"Don't take pictures!" The first words Kane ever said to me. (Actually a bit more explicit.) - Syosset, New York
In retrospect, I don't blame him. And for a (short) while, I was a bit worried I crossed the line. I remember thinking it was such a pivotal moment, that I instinctively searched him out. It was a couple of years ago in New York when Kane had to pull out during his final against Rocky. That loss ended his unbelievable streak. When I found him in a workout room with coach Winterton and Sudsy Monchik, as Pablo Fajre was helping him stretch out his back, I quietly stepped in and snapped one photo. Kane heard it right away and reacted. So, literally, I got just the one shot.
For the few years I've been taking racquetball images and writing, my interaction with players has been pretty deep. I typically enjoy conversations, a sense of camaraderie and some genuine friendships. But not with Kane, a player, of whom I probably have my most extensive collection of images. Don't get me wrong, he's cool and always says "What's up." Though Kane is rarely one to stick around for long. He's really good at interacting with fans who come up to him when he is, dominating his spare time around the courts. I realize he's often in his work mode, so there is rarely a chance for us to interact organically. He's working. I'm working. I stay clear mostly.
Last October, I was sitting in the lobby of a hotel in Minneapolis. It was Sunday night.. the last night of the U.S. Open. And late. I looked up from my computer to a waiter bringing me a glass of scotch. "Compliments of the gentleman at the bar." There was Kane, sitting with his friend Tyron. After acknowledging them, I closed up my laptop and joined them for a bit at the bar. I didn't want to interrupt, but I thought a personal thank you was appropriate.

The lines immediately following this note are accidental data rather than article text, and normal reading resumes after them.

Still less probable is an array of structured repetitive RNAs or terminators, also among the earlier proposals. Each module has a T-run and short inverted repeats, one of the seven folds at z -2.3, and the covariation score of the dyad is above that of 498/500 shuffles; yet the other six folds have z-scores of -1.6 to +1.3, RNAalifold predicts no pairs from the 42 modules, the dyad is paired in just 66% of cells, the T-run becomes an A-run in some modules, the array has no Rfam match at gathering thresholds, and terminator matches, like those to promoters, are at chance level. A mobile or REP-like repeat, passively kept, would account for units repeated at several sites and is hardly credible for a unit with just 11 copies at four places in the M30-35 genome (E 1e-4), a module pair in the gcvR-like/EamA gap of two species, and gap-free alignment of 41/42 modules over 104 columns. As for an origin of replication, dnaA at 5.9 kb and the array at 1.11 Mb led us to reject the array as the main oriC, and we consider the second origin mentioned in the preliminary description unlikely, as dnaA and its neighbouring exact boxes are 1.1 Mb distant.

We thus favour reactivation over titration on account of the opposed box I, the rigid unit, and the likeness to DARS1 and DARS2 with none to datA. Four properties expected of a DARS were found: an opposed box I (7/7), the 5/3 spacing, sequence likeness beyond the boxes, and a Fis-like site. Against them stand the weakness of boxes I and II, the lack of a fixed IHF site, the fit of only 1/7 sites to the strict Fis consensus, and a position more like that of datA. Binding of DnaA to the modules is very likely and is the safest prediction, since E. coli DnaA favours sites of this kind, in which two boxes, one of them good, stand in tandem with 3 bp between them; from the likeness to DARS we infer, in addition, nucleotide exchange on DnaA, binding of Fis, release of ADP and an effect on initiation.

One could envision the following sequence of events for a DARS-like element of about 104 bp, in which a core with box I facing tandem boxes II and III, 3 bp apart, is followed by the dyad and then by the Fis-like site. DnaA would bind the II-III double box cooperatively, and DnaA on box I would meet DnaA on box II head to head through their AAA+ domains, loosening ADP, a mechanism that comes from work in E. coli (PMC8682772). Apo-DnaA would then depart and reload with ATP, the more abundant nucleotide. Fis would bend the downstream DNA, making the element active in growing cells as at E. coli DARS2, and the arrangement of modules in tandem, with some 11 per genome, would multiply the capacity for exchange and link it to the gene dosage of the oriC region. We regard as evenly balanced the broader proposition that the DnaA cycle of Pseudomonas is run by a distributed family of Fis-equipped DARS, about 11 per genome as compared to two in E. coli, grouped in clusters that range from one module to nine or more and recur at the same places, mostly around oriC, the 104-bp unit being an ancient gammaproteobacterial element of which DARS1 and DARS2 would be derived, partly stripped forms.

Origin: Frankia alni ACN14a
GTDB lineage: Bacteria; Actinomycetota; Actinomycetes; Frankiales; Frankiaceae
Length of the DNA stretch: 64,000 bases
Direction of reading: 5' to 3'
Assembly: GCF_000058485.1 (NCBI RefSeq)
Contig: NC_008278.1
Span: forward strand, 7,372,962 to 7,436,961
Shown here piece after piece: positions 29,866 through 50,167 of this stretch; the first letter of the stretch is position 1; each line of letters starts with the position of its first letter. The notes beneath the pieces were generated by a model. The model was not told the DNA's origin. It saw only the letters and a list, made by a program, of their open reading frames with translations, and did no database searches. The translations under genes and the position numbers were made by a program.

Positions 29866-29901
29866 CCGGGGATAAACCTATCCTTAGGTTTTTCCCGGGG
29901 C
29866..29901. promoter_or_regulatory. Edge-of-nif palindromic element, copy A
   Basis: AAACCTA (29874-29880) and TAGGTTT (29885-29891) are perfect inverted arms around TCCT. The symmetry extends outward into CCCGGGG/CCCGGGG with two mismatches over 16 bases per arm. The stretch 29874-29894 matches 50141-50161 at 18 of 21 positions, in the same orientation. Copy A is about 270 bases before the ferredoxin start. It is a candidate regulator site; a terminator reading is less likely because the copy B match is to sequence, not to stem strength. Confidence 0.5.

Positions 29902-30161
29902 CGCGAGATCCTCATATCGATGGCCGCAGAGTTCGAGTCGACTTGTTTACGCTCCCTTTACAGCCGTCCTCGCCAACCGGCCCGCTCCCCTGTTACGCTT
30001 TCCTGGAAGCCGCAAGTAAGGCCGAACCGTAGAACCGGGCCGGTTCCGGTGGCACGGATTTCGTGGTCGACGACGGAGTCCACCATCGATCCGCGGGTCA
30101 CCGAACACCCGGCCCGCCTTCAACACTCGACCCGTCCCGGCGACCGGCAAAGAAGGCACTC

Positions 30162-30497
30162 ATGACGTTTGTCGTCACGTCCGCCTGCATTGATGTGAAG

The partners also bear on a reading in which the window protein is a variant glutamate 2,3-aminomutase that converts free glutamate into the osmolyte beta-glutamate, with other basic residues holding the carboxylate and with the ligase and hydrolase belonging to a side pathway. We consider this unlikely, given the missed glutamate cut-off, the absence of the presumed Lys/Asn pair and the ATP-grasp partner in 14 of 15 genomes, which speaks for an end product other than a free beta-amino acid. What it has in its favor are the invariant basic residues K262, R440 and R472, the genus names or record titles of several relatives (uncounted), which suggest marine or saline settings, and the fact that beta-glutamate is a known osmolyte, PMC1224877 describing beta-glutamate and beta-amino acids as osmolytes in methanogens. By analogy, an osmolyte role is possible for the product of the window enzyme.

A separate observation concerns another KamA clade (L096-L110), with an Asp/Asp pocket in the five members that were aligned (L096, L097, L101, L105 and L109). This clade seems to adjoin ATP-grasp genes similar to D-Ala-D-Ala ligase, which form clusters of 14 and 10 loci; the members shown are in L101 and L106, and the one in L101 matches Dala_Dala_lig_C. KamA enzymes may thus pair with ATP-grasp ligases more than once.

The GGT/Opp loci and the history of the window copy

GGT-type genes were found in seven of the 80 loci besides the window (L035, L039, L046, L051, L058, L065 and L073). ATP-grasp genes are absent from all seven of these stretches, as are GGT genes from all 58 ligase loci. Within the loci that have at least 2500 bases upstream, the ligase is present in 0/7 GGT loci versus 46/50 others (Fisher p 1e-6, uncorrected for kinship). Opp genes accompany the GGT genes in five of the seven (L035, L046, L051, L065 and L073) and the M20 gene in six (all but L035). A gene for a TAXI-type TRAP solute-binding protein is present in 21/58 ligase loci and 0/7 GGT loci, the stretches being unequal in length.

I'm glad I made my way over. We actually got to talk. Away from the courts. He was winding down after having secured his 9th US Open title. Just having a drink with his boy. So for a little while, we actually got to talk. Real talk. I got some insight into what makes him tick. How he feels about what he's accomplished, really wants and got a glimpse of some of the frustrations that come with doing what he's doing, with little recognition relative to other professional sports figures. He became real to me and I made sure not overstay my welcome.
I mention this because there is a deep respect that goes beyond his unrivaled play on the racquetball court. I don't claim to know him, only that I know there is a unique personality there, in a very unusual situation. I can imagine what it's like for him. And, I can't.
Today, we posted an article, A Kane Is Able Philosophy. (Published in the older version of Restrung - no longer available.) Pro Kennex president Mike Martinez and I were talking after I posted The Back Door. I caught some flack for this post. But not from Mike. I was simply putting on the table something that happens (and, still by others,) all the time in the game. We were both of the understanding that we both understood where the other was coming from. And we continue on with our mutual, long lasting respect. This idea for an article came about as we continued our communications.
The article's primary focus is sparked with Kane Waselenchuk. Which in turn, sparked my personal thoughts of the guy.